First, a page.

The 1980s are officially over. Well, I guess they were over 17 years ago, but don’t tell my CD collection that.
Brian Ritchie, bassist for the Violent Femmes, filed suit against vocalist Gordon Gano in the Southern District of New York claiming that he did not receive proper songwriting credit for some of the band’s works, and that (this makes me want to puke) Gano allowed the song, Blister in the Sun to be used in a Wendy’s commercial.
This action is the unfortunate culmination of an ongoing intra-band dispute between Ritchie and Gano over Gano’s misappropriation and misadministration of Ritchie’s interests in the jointly owned songs and assets of the band, misappropriation of assets solely owned by Ritchie, improper accounting and non-payment of royalties.(source)
I am really not terribly interested in the songwriting credit issue. What perks me up about this case is that a band member is finally striking back when another band member turns an iconic song into bubblegum advertising dreck. (I will never get over hearing Lust for Life in a Cruise Line commercial).
I’d imagine that Gano probably wasn’t even the copyright holder at the time of the sell-out. Nevertheless, this does raise a theory that I have fumbled around with for a while. I’d love to see a moral-rights based initiative to stop this kind of crime against culture. In the end, Ritchie gets his share of the Wendy’s money – but it would be far more lovely if he were able to actually get injunctive relief to stop the use, wouldn’t it? Naturally, Gano should be entitled to whatever money he would have gotten from Wendy’s, and Wendy’s should get their money back, so the financial cost to Ritchie (If I such a scheme ever went into play) would be significant. Even better, I call for an “Intellectual Property Eminent Domain Statute,” where the public is allowed to purchase the IP rights to a particular work for the greater good. If the government can appropriate a piece of land with public funds for the greater good, then why shouldn’t the government be able to mandate a process whereby the public can, through private donations, purchase iconic works to allow them to pass into the public domain?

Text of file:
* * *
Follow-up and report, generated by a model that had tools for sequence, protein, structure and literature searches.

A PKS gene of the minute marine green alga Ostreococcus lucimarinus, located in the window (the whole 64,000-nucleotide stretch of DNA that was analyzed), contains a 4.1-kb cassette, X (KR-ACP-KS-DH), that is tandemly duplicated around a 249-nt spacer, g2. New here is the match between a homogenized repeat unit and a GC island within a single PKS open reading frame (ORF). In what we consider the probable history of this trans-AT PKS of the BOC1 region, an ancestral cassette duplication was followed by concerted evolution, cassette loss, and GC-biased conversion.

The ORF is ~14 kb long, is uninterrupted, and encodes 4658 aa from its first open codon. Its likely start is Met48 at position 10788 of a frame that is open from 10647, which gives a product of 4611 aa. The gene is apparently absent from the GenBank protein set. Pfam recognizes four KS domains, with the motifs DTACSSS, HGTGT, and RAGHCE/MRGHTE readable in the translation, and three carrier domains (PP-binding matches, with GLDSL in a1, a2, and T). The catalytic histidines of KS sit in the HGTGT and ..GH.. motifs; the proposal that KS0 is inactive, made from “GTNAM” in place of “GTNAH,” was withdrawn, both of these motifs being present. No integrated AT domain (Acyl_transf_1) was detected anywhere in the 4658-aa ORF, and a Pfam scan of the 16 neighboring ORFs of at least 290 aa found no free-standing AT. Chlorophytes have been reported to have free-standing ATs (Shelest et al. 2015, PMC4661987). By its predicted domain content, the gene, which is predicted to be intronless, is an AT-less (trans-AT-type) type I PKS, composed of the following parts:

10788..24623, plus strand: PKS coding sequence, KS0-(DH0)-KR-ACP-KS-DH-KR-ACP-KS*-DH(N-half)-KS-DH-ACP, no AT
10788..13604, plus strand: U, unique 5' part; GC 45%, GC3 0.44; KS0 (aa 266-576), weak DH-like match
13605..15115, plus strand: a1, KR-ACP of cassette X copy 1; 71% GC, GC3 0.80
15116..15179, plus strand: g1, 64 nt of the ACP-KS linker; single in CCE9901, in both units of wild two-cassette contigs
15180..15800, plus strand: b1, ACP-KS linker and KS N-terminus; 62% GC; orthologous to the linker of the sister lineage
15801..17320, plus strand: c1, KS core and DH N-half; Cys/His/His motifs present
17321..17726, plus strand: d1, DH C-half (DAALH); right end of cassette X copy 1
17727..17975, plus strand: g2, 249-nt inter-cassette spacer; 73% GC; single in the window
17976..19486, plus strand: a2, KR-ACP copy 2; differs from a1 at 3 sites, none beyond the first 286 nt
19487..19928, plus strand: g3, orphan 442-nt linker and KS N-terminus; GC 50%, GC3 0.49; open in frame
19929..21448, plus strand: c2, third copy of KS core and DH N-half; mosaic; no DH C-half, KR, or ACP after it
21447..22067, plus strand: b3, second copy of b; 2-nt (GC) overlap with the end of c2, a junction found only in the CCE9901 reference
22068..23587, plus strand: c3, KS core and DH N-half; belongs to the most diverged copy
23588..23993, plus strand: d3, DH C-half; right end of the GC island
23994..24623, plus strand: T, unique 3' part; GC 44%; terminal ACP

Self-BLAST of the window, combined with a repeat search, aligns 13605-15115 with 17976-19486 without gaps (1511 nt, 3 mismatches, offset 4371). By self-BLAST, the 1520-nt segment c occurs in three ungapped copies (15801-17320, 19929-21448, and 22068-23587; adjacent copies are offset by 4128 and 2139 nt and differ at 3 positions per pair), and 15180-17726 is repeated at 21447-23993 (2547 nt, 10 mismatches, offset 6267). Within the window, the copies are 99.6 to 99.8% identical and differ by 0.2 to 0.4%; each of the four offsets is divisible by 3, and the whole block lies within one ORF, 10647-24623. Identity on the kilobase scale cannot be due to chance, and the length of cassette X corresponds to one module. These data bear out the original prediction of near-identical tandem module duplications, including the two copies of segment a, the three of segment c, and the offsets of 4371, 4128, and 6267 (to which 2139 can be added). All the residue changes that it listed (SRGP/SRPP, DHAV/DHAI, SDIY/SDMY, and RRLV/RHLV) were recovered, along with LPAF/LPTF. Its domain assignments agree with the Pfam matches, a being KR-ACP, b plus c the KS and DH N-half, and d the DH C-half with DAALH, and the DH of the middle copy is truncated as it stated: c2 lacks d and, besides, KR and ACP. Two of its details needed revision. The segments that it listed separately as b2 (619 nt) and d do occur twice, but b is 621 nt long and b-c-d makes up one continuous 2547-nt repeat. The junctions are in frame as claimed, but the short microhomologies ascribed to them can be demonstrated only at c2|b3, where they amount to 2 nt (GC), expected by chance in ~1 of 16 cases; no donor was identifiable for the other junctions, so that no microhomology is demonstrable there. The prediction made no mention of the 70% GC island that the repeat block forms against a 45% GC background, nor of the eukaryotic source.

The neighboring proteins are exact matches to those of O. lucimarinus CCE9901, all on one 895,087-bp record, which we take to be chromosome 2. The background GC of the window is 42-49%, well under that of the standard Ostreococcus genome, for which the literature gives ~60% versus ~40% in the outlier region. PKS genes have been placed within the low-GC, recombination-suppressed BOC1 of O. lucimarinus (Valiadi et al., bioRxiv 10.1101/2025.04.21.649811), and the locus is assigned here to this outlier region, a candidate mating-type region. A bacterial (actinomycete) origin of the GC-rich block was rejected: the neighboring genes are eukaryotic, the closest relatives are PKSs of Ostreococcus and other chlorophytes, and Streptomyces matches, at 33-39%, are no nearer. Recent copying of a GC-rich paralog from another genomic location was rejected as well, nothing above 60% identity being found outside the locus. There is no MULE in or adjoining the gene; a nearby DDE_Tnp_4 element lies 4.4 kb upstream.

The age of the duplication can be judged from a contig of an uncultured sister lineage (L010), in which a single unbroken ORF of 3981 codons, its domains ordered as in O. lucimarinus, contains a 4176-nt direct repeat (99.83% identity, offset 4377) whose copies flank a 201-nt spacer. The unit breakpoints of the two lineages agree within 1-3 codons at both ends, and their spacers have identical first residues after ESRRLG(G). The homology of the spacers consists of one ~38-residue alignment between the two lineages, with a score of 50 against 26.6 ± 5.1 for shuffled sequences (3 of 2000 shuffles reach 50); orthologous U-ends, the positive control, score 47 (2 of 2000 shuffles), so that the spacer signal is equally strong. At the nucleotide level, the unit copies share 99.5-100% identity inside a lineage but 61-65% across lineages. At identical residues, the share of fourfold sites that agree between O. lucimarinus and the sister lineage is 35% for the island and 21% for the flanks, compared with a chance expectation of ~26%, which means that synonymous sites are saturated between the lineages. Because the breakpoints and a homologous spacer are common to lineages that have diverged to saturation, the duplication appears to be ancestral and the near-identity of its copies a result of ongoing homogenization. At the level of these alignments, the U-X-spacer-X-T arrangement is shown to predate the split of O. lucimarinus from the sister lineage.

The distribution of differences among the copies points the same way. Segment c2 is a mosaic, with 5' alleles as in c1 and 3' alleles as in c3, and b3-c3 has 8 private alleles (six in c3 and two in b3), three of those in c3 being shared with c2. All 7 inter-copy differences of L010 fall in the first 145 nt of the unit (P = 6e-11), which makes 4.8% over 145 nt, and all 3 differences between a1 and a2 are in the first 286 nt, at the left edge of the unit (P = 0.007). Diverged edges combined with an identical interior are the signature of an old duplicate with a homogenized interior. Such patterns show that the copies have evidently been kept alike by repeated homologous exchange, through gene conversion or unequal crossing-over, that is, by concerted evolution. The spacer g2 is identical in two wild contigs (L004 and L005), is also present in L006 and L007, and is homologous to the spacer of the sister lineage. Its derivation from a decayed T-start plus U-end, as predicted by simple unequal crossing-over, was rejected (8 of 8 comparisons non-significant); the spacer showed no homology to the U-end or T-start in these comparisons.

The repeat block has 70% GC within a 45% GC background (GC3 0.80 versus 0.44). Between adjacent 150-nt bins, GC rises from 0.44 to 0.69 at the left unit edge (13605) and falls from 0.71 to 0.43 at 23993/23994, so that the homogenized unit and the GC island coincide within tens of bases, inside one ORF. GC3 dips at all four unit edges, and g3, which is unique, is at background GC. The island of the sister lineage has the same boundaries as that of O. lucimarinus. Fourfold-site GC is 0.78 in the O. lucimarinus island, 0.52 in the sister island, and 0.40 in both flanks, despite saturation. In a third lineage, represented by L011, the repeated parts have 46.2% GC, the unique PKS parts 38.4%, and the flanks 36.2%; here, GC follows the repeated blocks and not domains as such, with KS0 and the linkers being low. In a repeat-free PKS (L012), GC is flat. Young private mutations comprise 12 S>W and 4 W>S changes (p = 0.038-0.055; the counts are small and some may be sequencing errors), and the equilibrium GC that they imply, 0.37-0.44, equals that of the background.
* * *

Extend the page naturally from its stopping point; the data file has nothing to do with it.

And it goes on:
People wonder why I don’t have cable. I don’t want advertising beamed into my house. This is part of the reason why. I skipped my 20th high school reunion last weekend – figuring that nothing good could come from picking up the empty beer cans of 1980s memories to see if there were any slopers left. To hear that “Blister in the Sun” is in a Wendy’s commercial confirms that both decisions were correct.
The case is on Pacer, Ritchie v. Gano 1:07-cv-07269-VM (S.D.N.Y), but the complaint doesn’t seem to have been uploaded yet.
If anyone is looking for me for the next few days, I will be sitting in a corner watching VHS tapes of Repo Man and Fast Times at Ridgemont High, mumbling and muttering incoherently to myself. (Violent Femmes in a Wendys Commercial…. Curtis Mayfield in a car commercial…. Iggy Pop selling the same crap as Cathy Lee…. dear lord, let an asteroid hit this wretched planet before the Clash winds up in an Old Navy ad!!!)
Sloper: slop•er /sloʊpər/ –noun: A beer that someone failed to finish, but they left it out on the table all night and nobody put a cigarette out in it. Still perfectly drinkable. Frequently consumed for breakfast at the University of Massachusetts..